The U.S. Securities and Exchange Commission’s chair struck a positive note about cryptocurrencies on Tuesday when he assured members of Congress that his agency is being proactive in monitoring the space.
So much so was his message reassuring, as well as that from J. Christopher Giancarlo, the chair of the U.S. Commodity Futures Trading Commission, that Bitcoin’s price volatility eased.
Then, on Wednesday, the SEC’s Office of Compliance Inspections and Examinations (OCIE) took another step in proving its commitment to keeping the crypto space in check. It announced its 2018 examination priorities, and at the top of the list were cryptocurrencies and initial coin offerings.
What’s the point?
The OCIE publishes its exam priorities every year to:
- improve compliance
- prevent fraud
- monitor risk
- inform policy
Cryptos tend to fit all of the above as far as areas of concern. This is why monitoring them has been made a top priority.
About this priority list, the SEC’s chair Jay Clayton pointed out that the OCIE is known for having a “keen eye toward asset verification, market infrastructure, and duties owed to retail investors.”
Recognizing how important the crypto space has become in terms of its need to be monitored, the OCIE’s Director Pete Driscoll said the following:
”As the markets continually evolve and the products and services available to investors adapt, OCIE remains committed in its risk-based examination program to prioritizing the interests of retail investors and examining those aspects of securities firms posing risks to investors and the proper functioning of our capital markets.”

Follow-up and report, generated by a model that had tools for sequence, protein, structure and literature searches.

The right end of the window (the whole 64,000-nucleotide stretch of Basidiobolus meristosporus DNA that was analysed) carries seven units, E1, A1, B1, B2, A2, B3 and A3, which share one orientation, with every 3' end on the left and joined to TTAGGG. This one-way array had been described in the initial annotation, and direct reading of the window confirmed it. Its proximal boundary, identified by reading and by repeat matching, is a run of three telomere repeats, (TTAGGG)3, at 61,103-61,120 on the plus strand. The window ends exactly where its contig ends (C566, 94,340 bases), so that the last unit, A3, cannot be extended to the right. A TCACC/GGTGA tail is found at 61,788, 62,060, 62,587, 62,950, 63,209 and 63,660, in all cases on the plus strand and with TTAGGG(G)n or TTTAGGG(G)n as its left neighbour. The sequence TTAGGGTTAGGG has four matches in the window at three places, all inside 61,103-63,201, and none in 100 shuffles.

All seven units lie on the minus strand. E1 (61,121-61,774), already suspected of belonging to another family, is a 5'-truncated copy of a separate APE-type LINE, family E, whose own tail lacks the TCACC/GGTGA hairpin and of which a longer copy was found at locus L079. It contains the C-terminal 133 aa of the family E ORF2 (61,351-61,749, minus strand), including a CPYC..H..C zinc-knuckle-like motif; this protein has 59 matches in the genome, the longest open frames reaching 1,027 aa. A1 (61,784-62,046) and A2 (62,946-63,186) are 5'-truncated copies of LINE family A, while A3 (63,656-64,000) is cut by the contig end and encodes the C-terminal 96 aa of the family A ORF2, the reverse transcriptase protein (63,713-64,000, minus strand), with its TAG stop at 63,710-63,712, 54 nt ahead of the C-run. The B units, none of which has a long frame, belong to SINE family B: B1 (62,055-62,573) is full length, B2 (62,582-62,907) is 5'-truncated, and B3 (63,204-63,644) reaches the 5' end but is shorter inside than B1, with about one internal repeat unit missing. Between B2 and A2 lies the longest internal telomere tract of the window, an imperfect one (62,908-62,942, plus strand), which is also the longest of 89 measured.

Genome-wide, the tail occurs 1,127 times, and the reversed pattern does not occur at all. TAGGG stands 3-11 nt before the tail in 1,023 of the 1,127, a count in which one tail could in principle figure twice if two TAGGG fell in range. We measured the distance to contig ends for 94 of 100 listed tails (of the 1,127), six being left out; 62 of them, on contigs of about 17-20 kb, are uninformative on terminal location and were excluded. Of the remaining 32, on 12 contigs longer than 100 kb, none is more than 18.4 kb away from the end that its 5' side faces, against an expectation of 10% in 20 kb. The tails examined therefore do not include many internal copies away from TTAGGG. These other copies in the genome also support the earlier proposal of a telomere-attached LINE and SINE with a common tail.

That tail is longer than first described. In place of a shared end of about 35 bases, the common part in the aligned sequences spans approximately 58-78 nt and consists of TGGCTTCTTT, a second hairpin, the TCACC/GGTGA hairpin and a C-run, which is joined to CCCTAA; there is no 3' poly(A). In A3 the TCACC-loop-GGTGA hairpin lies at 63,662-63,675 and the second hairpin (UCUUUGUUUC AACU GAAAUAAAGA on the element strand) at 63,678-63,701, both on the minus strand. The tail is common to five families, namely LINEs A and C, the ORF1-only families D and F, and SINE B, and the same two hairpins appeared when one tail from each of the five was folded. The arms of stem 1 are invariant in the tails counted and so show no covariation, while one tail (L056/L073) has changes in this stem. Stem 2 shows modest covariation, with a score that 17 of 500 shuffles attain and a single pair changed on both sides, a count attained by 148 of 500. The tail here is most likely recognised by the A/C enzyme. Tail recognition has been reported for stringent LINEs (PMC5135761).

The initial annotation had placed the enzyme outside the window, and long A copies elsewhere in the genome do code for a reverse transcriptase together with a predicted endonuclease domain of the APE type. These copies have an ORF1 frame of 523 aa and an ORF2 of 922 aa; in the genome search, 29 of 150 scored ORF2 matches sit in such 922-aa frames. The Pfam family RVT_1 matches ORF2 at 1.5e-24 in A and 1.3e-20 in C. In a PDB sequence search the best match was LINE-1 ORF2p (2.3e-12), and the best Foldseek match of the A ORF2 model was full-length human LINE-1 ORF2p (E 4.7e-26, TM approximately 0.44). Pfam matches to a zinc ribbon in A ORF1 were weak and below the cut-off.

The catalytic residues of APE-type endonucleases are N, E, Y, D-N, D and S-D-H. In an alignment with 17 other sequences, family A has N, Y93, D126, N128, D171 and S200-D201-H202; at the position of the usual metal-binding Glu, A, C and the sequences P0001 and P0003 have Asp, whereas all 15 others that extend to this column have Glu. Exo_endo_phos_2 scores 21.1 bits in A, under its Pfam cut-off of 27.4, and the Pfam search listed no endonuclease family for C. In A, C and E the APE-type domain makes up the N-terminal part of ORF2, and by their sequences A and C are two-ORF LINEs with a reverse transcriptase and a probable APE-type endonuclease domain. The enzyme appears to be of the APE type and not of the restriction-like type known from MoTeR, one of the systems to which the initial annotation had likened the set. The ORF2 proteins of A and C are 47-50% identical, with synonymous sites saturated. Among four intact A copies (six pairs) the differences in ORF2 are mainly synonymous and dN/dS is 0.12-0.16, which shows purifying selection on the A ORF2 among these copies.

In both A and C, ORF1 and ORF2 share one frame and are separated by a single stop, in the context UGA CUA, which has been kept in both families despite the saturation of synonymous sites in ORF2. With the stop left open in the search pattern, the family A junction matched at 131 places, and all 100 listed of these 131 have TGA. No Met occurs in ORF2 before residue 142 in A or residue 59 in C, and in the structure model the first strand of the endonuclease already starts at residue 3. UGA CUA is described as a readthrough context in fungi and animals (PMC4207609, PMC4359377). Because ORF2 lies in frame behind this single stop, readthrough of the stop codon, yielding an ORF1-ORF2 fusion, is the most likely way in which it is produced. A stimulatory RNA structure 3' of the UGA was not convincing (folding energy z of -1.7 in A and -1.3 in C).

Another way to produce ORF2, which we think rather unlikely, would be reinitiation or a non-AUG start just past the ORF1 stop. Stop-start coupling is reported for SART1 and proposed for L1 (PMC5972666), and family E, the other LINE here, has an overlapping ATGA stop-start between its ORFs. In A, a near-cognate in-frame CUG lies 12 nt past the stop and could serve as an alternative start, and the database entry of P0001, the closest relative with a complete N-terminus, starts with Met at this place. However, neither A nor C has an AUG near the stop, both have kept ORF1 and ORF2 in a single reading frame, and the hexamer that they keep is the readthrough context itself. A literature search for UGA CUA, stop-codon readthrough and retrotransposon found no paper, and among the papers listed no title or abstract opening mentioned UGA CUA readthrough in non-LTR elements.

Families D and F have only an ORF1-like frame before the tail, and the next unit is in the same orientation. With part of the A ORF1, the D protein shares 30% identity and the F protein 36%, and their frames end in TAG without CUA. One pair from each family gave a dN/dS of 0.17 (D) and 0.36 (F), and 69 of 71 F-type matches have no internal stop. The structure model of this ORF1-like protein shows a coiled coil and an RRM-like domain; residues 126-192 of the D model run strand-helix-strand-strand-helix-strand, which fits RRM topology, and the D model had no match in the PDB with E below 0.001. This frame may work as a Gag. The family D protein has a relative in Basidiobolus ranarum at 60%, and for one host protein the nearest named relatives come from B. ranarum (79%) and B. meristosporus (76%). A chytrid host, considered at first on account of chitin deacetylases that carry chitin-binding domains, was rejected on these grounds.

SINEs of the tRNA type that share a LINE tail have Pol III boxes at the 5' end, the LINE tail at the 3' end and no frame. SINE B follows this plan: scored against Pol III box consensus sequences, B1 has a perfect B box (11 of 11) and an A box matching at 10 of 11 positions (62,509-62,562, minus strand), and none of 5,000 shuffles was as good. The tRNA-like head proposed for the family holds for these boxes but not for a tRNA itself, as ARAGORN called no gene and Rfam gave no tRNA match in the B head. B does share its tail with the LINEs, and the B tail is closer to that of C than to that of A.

What’s being examined?
This year, OCIE's examination priorities have been broken down into five categories:
- compliance and risks in critical market infrastructure
- matters of importance to retail investors, including seniors and those saving for retirement
- FINRA and MSRB
- anti-money laundering programs
During that much-discussed Congressional hearing Tuesday, some of these issues were talking points as they relate to cryptocurrencies. These were mainly related to cybersecurity and anti-money laundering.
Both Clayton and Giancarlo agreed that oversight was key to making sure bad actors don’t grow prevalent so as to give the space, including ICOs, a bad reputation.
The pair also expressed their understanding of the importance of weeding out the bad actors who commit fraudulent acts without stifling innovation.
For its part, the SEC’s OCIE has developed several ways to continue its monitoring of the growth of cryptocurrencies and ICOs. They include examining registrants involved in the sale of ICOs to ensure that investors receive adequate disclosures about the risks associated with these investments.